Recipe for a dysfunctional society: Inequality

People in more unequal societies have worse health and lower life expectancy, no matter how rich the society is

The evidence shows unmistakably that more equal societies – those with smaller income differences between rich and poor – are friendlier and more cohesive: community life is stronger, people trust each other more, and there is less crime and violence. So the deep human intuition that inequality is divisive and socially corrosive is true.

People in more unequal societies have worse health and lower life expectancy; they are more likely to have drug problems and to suffer more mental illness. Measures of child wellbeing are worse and children do less well at school. Rates of teenage births, obesity and violence are all higher, and more people are in prison.

Unequal states = health and social problems

We examined the effects of income inequality among rich developed countries and checked our results in a separate test bed: did inequality have the same effects among the 50 U.S. states?

The picture was remarkably similar: the more unequal states have more of almost every health and social problem. Rather than making just one or two things go wrong, the evidence shows that the bigger the income differences between rich and poor, the more dysfunctional a society becomes.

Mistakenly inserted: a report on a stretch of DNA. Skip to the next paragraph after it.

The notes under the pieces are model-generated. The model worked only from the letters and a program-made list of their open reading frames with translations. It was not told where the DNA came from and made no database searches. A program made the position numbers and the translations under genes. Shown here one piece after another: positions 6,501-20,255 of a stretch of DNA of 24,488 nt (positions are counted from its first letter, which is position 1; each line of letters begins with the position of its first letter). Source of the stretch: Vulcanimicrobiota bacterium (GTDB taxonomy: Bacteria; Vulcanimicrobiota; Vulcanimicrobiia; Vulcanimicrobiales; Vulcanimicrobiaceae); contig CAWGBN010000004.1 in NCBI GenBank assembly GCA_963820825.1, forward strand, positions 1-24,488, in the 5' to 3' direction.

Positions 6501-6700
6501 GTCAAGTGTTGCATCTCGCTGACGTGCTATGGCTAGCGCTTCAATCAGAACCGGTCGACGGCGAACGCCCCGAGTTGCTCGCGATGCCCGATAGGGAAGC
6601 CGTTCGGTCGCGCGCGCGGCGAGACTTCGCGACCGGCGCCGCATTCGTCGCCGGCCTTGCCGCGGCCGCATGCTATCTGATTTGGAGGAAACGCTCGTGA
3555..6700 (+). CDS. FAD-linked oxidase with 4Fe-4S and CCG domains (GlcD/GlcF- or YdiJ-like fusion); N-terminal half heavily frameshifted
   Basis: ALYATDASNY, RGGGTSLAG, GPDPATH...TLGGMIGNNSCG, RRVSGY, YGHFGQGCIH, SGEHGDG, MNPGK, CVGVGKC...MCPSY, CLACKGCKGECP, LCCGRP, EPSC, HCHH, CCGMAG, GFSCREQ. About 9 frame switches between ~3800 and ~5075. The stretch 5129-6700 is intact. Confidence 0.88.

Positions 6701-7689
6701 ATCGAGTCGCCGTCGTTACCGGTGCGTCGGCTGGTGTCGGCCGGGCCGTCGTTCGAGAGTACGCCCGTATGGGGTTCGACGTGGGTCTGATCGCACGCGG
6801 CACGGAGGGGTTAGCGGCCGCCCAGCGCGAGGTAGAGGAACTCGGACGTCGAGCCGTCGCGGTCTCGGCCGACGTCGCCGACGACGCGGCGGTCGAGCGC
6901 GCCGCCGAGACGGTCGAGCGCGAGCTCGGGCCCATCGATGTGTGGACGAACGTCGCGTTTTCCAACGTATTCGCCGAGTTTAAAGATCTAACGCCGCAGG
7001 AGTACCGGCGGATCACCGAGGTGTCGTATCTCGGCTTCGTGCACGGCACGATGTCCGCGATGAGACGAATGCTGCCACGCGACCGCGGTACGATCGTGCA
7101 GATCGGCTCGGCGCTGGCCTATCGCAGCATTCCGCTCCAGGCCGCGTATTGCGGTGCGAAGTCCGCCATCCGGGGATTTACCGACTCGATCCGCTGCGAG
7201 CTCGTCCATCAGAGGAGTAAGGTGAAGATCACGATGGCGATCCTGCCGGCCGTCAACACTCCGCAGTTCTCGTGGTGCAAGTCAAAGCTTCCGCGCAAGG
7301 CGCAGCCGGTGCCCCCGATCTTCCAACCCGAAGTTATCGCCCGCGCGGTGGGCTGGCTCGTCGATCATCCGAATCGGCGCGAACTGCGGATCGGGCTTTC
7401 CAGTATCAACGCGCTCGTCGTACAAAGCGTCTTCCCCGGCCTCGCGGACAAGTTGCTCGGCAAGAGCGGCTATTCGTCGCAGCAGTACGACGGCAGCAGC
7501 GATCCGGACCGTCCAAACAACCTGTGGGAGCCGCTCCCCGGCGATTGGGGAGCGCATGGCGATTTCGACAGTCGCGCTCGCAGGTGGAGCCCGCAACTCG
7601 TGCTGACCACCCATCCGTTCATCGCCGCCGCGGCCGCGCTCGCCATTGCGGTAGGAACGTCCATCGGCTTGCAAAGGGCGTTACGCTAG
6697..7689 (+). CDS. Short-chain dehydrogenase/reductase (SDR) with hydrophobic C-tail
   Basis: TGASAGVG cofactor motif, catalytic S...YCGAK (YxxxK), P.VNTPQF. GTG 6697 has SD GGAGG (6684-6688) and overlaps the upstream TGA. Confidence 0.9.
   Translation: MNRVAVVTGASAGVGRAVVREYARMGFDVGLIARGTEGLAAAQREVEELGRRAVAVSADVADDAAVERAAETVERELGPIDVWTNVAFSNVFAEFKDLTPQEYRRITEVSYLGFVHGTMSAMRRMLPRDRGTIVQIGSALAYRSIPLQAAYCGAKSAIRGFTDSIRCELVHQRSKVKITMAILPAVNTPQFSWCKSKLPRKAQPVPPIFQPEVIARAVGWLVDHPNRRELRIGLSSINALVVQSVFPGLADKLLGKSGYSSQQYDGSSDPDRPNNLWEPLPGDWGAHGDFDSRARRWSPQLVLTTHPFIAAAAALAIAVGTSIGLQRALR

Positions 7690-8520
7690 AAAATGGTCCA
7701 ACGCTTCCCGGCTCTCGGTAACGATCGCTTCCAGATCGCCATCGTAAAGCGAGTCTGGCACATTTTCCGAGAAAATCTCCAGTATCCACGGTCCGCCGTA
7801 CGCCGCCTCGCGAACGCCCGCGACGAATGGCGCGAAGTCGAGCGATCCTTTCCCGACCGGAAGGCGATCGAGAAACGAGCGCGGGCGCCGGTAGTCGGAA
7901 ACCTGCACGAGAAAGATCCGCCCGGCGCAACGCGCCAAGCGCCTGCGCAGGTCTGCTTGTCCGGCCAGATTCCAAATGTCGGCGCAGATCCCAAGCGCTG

Many of the differences in how well or badly more and less equal societies perform are enormous. Rates of infant mortality and mental illness are two or three times as high in the most unequal compared to the most equal of the rich developed countries. Teenage birth rates, the proportion of the population in prison, and sometimes homicide rates are as much as eight or ten times as high.

These differences are so large because the benefits of greater equality are not confined to the poor or to those living in deprived neighborhoods. Although the benefits of greater equality are largest among people lower down the social ladder, even the better off seem to gain some benefit from living in a more equal society.

There seem to be two quite different routes to becoming a more equal society. Some, like Sweden, start off with large differences in earnings and then reduce the gap through high taxes and generous benefits. Other societies, like Japan, which perform as well as Sweden, have much lower taxes and get their equality by having smaller differences in earnings before taxes.

It looks as if it doesn’t matter how a society becomes more equal as long as it gets there somehow.

 

– Richard Wilkinson and Kate Pickett are co-founders of The Equality Trust (www.equalitytrust.org.uk) and authors of The Spirit Level: why equality is better for everyone. Column distributed by Troy Media (www.troymedia.com)